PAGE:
might be stored.
 Who will have access to the data? Please
be specific_____________
 Will video tapes ___ audio tapes ___
photographs ___ be taken?
 If yes, where will tapes or photographs be
 When will all research materials be
 How will subjects be selected or recruited and
how will subjects be approached (or
 Describe any potential risks to the subjects,
and describe how you will minimize these
risks. These include
stress, discomfort,
social risks (e.g., embarrassment), legal risks,
invasion of privacy, and side effects
Social Science Experiments
 Social research might also put subjects at risk
 Three social scientific studies are cited most
 Laud Humphrey’s “Tearoom Trade” (1970)
 Stanley Milgram’s “Obedience to Authority”
 Philip Zimbardo’s simulated prison
experiment (1972-1974)
Laud Humphreys and the Tearoom
Sex Study
 He stationed himself in "tearooms" and offered to
serve as "watchqueen"
 He was able to gain the confidence of some of the
men he observed, disclose his role as scientist, and
persuade them to tell him about the rest of their lives
and about their motives
 Humphreys secretly recorded the license numbers of
their cars
 A year later and carefully disguised, Humphreys
appeared at their homes claiming to be a healthservice interviewer and interviewed them about their
marital status, race, job, and so on.
Humphreys' findings destroy many
 54% of his subjects were married and living with
their wives
 38% were neither bisexual nor homosexual: they
were men whose marriages were marked with
 24 % were clearly bisexual, happily married, well
educated, economically quite successful, and
exemplary members of their community
 Another 24 % were single and were covert
 Only 14 % of Humphreys' subjects were members
of the gay community and were interested in
primarily homosexual relationships
Stanley Milgram’s “Obedience to
 Psychologist at Yale University, conducted a
study focusing on the conflict between
obedience to authority and personal
 Germans are different
 Character flaw “Readiness to obey authority
without question, no matter what outrageous
acts authority commands”
 Everything in the experiment was staged
except one person-subject
 Milgram changed a lot in his initial script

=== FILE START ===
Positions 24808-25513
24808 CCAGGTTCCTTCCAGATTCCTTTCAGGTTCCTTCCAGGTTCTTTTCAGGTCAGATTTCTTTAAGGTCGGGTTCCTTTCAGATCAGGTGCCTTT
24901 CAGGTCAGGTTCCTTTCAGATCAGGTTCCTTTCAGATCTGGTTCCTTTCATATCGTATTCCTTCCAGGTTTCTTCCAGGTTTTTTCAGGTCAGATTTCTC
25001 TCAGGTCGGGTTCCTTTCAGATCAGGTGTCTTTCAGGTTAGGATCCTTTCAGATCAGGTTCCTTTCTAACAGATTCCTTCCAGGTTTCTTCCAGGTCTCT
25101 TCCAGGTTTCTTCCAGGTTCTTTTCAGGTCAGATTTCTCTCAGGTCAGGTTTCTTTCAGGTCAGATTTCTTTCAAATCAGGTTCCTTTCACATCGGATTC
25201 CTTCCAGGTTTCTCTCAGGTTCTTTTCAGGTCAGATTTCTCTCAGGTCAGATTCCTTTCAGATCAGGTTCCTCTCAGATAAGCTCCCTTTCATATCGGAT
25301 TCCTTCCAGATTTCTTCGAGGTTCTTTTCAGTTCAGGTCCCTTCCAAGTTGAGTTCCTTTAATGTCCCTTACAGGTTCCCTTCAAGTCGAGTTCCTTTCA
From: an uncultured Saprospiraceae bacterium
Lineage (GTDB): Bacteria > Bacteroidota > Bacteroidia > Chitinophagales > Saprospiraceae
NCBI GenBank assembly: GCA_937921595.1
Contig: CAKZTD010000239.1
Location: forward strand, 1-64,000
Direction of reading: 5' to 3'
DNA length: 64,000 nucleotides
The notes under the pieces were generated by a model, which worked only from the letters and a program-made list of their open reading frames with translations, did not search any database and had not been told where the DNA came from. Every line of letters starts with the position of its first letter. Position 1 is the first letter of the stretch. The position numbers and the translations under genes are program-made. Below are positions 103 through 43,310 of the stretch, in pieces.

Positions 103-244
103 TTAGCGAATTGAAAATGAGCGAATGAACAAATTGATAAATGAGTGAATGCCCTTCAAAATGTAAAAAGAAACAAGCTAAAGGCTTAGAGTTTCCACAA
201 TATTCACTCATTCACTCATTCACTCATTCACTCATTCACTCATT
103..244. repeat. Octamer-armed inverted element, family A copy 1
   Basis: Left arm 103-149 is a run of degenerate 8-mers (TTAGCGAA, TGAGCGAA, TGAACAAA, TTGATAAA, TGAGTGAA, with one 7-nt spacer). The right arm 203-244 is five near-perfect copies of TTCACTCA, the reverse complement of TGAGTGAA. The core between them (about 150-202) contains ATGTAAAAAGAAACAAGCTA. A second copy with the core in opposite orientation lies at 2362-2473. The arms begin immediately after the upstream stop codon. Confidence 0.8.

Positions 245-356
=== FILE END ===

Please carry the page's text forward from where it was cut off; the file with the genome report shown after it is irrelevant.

because people were obeying too much
“Learner” is taken to a room
where he is strapped in a
chair to prevent movement
and an electrode is placed
on his arm. The "teacher" is
instructed to read a list of
two word pairs and ask the
"learner" to read them back.
If "learner" gets the answer
wrong, the "teacher" is
supposed to shock the
"learner" starting at 15 volts
The generator has 30
switches ranging from "slight
shock" to "danger: severe
shock“ The final two switches
are labeled "XXX“
The "teacher" automatically is
supposed to increase the
shock each time the "learner"
misses a word in the list. The
"learner" was an actor who
was never actually harmed
 “Two-thirds of this study participants fall into
the category of ‘obedient' subjects, and that
they represent ordinary people drawn from
the working, managerial, and professional
 65% of all of the "teachers" punished the
"learners" to the maximum 450 volts
 No subject stopped before reaching 300 volts
 The theory that only the most severe
monsters on the sadistic fringe of
society would submit to such cruelty is
Ethical issues of Milgram’s
 Milgram made a judgment about there is no
possible psychological damage to the
 Milgram interviewed subjects afterwards
 83% said they were glad to participate
 1.3% said they were sorry
 However, Milgram could not know that only
1.3% would be sorry
Zimbardo’s simulated prison
 Subjects –males, undergraduate, paid
 Role of either guard or prisoner
 Mock prison was constructed in the basement
of Stanford university
 Experiment was to have lasted for two weeks
but Zimbardo cancelled the study after 6 days
because of possible harm
What went wrong?
 Individuals became carried away with their
 Guards behaved aggressively and
dehumanizing toward prisoners
 Prisoners behaved ether passively or were
 Subjects did consent to participate in the
study, but they did not expect the